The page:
XL egg owner, home brewer, jogger, coffee roaster, gamer 
  • henapplehenapple Posts: 12,129
    I go open. I've read where on a hi temp sear it's better to flip a lot instead if just once.

    Dare I say it... MANGRATES
    Green egg, dead animal and alcohol. The "Boro".. TN 
  • WolfpackWolfpack Posts: 1,177
    Do you have a spider or another way to get closer to the coals? Also make sure the temp is not only high but that you let the grid get that hot too- it takes longer than just temp

    Greensboro, NC
  • SkiddymarkerSkiddymarker Posts: 5,993
    Make sure your lump is almost to the top of the fire ring. This will get the burning lump closer to the soon to be seared steak without a spider. If you have a CI grid put it on the fire ring if you like grid lines, other wise put the setter on the ring, grid on the setter, cook at 250º-275º indirect until within 10º-15º of desired final temp. Pull the steak, tent it to hold some warmth, remove the grid and setter and DMFT if you have it on. Put the grid on the fire ring and open the bottom vent fully. 
    Two schools of thought here, once temp 600º-700º is reached, drop the steak on after you have dried the surface with a paper towel, cook for 1-2 minutes a side, pull and serve immediately. Second option is to leave the egg open and flip every 30 seconds or so until desired colour is reached. 
    Delta B.C. - Vee-Gan: old Indian word for poor hunter. 
  • jmcnutt5jmcnutt5 Posts: 71
    Here is what I do for a medium cook. Let me first say I have never tried a reverse sear or anything so do what you think sounds best. I get the grill to 600-700 and cook one side for 2-3 min (depending on thickness), flip them and cook for another 2-3 minutes, and flip them again and close all the vents and cook another 3 minutes. These are Sam's Club steaks...very thick. I don't measure the internal temp of the meat which is against the norm of what I am reading but it has always worked really well for me.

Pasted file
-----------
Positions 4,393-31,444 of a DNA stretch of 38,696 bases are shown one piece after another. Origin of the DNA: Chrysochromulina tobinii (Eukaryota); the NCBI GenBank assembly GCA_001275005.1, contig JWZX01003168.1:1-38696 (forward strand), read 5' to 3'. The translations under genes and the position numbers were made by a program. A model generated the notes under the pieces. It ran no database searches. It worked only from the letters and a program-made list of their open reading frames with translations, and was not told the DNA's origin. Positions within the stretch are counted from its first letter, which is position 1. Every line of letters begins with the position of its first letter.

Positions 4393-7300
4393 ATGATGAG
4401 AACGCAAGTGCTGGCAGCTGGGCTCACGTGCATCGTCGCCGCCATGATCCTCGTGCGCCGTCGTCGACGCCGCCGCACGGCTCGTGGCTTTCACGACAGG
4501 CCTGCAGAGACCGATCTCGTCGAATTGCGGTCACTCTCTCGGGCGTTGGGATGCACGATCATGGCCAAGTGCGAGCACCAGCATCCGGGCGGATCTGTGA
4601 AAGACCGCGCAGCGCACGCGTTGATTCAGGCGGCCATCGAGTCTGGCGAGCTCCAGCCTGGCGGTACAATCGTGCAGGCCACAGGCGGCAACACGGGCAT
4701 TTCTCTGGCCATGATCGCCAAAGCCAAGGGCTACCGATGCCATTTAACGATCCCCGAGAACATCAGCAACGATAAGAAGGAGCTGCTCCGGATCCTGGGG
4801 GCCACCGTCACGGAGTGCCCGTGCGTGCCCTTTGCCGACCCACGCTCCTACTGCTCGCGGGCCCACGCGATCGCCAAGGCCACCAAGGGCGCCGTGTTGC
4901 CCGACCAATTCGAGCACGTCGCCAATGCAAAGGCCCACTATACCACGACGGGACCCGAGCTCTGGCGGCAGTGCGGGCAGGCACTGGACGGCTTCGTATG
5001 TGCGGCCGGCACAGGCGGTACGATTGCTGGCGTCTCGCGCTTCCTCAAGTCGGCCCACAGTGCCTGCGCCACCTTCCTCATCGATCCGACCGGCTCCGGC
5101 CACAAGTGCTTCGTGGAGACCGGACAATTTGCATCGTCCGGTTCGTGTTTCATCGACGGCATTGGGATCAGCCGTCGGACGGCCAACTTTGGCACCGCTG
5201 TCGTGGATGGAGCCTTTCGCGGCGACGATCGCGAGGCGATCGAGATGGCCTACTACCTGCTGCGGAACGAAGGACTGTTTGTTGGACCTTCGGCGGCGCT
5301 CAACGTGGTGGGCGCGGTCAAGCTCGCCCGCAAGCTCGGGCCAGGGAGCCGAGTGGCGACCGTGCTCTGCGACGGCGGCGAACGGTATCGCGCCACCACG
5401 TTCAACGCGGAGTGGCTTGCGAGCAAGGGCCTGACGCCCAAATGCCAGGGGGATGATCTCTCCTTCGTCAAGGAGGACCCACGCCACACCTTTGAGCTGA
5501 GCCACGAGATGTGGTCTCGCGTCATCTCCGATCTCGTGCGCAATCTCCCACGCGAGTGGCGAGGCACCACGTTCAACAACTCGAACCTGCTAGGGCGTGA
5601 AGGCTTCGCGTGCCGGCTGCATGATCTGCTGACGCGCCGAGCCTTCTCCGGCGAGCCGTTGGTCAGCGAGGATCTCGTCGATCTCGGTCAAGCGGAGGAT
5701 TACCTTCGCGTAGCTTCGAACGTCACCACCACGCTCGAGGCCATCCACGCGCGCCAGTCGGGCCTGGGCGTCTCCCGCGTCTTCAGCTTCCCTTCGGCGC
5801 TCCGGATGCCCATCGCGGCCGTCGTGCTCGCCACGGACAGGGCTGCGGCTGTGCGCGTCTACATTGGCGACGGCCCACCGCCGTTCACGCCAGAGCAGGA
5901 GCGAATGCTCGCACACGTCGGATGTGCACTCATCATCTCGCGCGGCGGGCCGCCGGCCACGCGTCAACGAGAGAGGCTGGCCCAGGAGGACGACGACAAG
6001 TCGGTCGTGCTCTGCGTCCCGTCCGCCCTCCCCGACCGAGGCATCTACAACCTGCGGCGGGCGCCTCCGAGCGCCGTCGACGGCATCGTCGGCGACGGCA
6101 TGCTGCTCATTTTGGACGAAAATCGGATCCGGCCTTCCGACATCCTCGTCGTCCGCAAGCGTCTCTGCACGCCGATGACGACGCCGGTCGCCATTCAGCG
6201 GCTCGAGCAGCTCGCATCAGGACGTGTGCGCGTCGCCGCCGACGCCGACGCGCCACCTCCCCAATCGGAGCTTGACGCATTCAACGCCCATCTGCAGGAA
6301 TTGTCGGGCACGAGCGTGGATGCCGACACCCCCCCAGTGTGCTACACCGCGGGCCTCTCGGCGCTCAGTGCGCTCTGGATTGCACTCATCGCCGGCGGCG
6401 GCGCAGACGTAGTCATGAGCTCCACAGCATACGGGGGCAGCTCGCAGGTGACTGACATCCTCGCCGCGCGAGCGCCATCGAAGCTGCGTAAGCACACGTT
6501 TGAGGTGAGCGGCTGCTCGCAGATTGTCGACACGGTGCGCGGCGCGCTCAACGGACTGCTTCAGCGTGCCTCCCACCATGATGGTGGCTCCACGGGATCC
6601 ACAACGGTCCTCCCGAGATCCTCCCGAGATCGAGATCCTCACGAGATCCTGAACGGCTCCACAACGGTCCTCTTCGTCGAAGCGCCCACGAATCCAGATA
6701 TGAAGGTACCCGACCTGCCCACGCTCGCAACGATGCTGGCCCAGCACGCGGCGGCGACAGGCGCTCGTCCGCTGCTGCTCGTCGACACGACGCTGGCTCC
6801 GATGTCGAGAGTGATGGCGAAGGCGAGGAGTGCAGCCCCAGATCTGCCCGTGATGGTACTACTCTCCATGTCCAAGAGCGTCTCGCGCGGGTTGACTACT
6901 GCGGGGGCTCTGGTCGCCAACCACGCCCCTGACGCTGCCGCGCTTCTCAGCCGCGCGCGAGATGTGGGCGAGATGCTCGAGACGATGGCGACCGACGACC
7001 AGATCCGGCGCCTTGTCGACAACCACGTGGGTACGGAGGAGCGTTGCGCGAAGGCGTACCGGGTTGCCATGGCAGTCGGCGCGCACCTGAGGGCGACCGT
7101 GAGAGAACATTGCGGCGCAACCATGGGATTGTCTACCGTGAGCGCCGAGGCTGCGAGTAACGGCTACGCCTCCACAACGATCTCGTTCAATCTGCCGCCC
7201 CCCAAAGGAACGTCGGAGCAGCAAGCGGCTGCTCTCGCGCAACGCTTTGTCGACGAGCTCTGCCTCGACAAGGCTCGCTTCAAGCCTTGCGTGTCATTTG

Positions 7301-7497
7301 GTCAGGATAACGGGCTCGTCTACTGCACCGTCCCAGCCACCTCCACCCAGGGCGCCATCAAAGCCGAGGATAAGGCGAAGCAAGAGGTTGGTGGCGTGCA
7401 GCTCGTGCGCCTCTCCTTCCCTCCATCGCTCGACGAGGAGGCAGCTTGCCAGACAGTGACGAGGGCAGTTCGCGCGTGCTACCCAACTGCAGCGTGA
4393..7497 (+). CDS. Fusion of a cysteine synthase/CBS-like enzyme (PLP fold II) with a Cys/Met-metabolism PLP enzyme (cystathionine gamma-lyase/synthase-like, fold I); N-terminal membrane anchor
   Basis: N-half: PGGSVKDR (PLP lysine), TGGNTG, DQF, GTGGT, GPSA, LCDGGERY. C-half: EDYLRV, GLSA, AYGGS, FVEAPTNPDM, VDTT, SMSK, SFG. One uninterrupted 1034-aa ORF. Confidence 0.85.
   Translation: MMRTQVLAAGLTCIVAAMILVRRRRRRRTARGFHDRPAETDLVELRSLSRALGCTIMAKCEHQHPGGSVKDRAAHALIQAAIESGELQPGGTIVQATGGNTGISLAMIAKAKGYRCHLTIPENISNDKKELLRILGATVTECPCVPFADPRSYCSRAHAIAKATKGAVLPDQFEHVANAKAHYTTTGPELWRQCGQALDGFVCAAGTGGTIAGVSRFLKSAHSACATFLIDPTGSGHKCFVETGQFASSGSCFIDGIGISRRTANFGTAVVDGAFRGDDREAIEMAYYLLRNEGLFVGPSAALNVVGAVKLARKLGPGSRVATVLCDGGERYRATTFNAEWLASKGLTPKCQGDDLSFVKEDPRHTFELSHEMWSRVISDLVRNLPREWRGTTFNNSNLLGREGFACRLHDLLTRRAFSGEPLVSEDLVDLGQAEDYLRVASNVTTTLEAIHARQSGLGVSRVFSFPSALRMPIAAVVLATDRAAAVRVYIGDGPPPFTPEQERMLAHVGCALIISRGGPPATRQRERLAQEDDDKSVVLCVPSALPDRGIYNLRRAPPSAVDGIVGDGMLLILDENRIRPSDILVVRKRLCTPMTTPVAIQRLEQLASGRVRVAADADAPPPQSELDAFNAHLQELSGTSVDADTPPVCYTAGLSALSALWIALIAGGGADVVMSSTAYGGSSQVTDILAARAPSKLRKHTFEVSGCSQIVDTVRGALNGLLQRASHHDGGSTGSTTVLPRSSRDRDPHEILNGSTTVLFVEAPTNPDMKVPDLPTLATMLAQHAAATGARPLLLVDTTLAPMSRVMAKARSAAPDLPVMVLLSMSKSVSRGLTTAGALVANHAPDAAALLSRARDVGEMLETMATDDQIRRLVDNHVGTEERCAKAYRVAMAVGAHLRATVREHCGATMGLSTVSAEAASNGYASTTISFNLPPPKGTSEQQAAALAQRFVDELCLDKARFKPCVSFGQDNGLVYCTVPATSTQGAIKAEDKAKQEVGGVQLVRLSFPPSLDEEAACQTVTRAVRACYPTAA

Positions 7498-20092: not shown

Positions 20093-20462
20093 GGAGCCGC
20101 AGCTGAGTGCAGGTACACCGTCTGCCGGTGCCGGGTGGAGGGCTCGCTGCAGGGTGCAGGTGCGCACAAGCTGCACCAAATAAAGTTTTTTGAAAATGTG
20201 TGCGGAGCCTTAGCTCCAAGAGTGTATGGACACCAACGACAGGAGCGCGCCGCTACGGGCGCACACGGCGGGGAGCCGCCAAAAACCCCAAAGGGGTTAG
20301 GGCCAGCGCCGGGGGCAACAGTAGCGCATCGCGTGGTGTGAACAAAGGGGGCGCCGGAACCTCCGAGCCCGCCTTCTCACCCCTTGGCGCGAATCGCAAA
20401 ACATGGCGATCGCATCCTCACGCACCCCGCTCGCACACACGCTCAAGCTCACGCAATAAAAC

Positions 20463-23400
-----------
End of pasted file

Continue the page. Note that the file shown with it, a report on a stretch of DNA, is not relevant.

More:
• Egglegal_AlienEgglegal_Alien Posts: 113
    edited March 20
    Both TRex and reverse sear work ok... I personally like the reverse sear results better, plus it's much easier to raise dome temp than to lower it for a TRex.

    On either method I allow for 15 - 20 min rest between phases.

    I always sear with the dome up, with the temp at least at 750-800 (tough 600F min works ok)... 

    One thing that might be preventing you from getting a nice crust can be moisture, it has to evaporate before the meat can start to form a crust and it tends to “steam” the meat a bit… try patting the steak with a paper towel (it won’t affect how juicy your steak comes out don’t worry) and rubbing it in salt generously before searing.
    XL BGE + Large BGE @ Monterrey, Mexico
  • Wow...awesome comments guys...I will see what happens...tmmrw but lots of "food for thought"..ok could not resist the bad pun!
  • Judy MayberryJudy Mayberry Posts: 1,554
    edited March 21
    I have two comments. You get a FANTASTIC even all-over sear with a cast iron skillet that's blazing hot. Can't remember if I used butter or not.

    Another thing I like to do...put the steak RIGHT ON THE COALS TILL IT'S CHARRED, AND FLIP. The ashes won't stick to the meat; if a little does it flicks right off.
    Judy in San Diego
  • grege345grege345 Posts: 1,800
    Don't forget your salt and pepper. Heavy dose
    LBGE& SBGE———————————————•———————– Pennsylvania / poconos
  • SmokeyPittSmokeyPitt Posts: 5,043
     
    I have two comments. You get a FANTASTIC even all-over sear with a cast iron skillet that's blazing hot. Can't remember if I used butter or not.